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    The Books of Maccabees

    scrollThe Books of the Maccabees are not part of the Tanach.

    They are rarely featured in synagogue services, nor are they a continuous narrative like the Books of Kings or Chronicles.

    The First Book of Maccabees depicts a rising of faithful Jews against the oppressive Seleucid regime.

    The Second Book paints a picture of a conflict between ideologies – a tug-of-war between Judaism and Hellenism.

    The view of many modern scholars is that the struggle was not so much between Jews and outsiders, but between two camps within Judaism, those who stood for tradition and those who wanted more assimilation to Hellenistic thinking.

    The traditionalists for their part refused to abandon the Torah and its practices such as circumcision and the dietary laws. Why the outsiders mixed in was in order to support the Hellenistic Jews against the traditionalists.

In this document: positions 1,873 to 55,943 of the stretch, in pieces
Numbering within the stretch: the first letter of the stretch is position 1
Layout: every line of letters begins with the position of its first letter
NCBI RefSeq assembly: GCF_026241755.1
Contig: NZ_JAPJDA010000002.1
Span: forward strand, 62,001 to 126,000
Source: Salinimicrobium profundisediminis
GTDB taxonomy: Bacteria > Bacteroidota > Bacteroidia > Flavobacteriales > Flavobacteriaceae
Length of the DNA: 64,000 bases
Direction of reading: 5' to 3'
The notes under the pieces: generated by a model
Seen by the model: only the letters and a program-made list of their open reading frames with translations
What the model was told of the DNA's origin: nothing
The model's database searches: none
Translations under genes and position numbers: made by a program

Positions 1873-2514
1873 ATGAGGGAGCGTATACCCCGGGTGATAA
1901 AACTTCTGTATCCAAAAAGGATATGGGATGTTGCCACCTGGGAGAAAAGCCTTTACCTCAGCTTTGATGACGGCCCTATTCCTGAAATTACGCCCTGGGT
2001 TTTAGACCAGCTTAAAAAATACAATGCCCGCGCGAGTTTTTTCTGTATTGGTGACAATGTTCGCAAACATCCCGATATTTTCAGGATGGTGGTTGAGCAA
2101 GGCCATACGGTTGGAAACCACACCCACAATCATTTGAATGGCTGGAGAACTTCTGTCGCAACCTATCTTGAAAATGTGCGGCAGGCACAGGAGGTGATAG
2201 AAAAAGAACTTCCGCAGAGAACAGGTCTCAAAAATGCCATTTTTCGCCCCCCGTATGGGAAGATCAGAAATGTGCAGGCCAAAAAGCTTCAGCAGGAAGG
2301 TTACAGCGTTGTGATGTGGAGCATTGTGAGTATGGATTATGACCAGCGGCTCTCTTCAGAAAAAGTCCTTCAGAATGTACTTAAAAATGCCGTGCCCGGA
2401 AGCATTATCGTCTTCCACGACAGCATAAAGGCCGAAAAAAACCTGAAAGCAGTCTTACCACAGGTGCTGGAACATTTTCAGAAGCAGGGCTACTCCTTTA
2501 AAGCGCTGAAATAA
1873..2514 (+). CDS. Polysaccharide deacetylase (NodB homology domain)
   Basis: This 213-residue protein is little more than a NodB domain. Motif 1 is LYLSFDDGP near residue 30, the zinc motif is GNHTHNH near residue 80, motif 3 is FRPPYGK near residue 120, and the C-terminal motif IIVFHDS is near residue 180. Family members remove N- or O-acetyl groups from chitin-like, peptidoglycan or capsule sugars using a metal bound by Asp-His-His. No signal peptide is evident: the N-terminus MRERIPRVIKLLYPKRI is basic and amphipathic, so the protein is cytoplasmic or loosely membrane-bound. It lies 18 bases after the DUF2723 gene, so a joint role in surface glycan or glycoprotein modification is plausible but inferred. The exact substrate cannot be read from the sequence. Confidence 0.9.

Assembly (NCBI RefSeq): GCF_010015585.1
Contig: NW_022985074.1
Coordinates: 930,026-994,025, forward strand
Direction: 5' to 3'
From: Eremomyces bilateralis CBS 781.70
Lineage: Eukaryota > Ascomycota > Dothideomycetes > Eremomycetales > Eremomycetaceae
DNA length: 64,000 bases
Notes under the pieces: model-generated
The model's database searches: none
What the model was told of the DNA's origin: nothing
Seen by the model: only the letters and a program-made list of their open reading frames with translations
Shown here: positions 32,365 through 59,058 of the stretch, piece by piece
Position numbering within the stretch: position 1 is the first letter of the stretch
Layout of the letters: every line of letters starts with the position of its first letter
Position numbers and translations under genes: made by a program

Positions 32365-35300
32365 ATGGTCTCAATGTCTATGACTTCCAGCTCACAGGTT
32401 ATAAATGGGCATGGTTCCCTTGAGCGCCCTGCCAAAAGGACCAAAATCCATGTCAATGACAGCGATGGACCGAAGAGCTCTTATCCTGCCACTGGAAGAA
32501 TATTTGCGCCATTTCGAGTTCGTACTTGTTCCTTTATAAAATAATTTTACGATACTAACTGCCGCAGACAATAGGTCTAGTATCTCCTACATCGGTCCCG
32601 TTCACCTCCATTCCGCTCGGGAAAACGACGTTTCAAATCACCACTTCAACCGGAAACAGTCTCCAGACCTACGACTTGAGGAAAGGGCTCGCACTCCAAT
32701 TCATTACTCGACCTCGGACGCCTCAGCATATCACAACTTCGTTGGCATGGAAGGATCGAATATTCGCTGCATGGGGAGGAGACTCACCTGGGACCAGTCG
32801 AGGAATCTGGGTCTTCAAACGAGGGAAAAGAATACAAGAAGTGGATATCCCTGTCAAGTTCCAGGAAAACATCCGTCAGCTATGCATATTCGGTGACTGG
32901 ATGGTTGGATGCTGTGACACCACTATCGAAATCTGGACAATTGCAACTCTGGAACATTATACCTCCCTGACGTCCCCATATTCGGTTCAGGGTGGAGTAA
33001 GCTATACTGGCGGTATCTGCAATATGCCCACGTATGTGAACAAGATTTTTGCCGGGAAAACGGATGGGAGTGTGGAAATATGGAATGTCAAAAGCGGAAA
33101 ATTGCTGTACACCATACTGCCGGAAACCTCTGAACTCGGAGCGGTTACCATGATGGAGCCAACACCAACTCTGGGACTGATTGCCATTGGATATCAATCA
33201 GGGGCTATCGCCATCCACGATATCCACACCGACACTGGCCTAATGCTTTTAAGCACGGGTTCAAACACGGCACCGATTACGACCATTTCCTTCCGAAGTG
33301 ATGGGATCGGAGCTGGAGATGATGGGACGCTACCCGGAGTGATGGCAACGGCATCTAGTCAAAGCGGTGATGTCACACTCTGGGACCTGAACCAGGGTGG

The Syrian Greeks came down hard on the traditional Jews, which was unusual for a regime that generally showed tolerance for the religious beliefs and practices of subject peoples.

    Because the battle grounded had shifted, the Maccabees now had to contend not only with another internal Jewish group but with an external power, which turned the struggle into one for Jewish nationalism.

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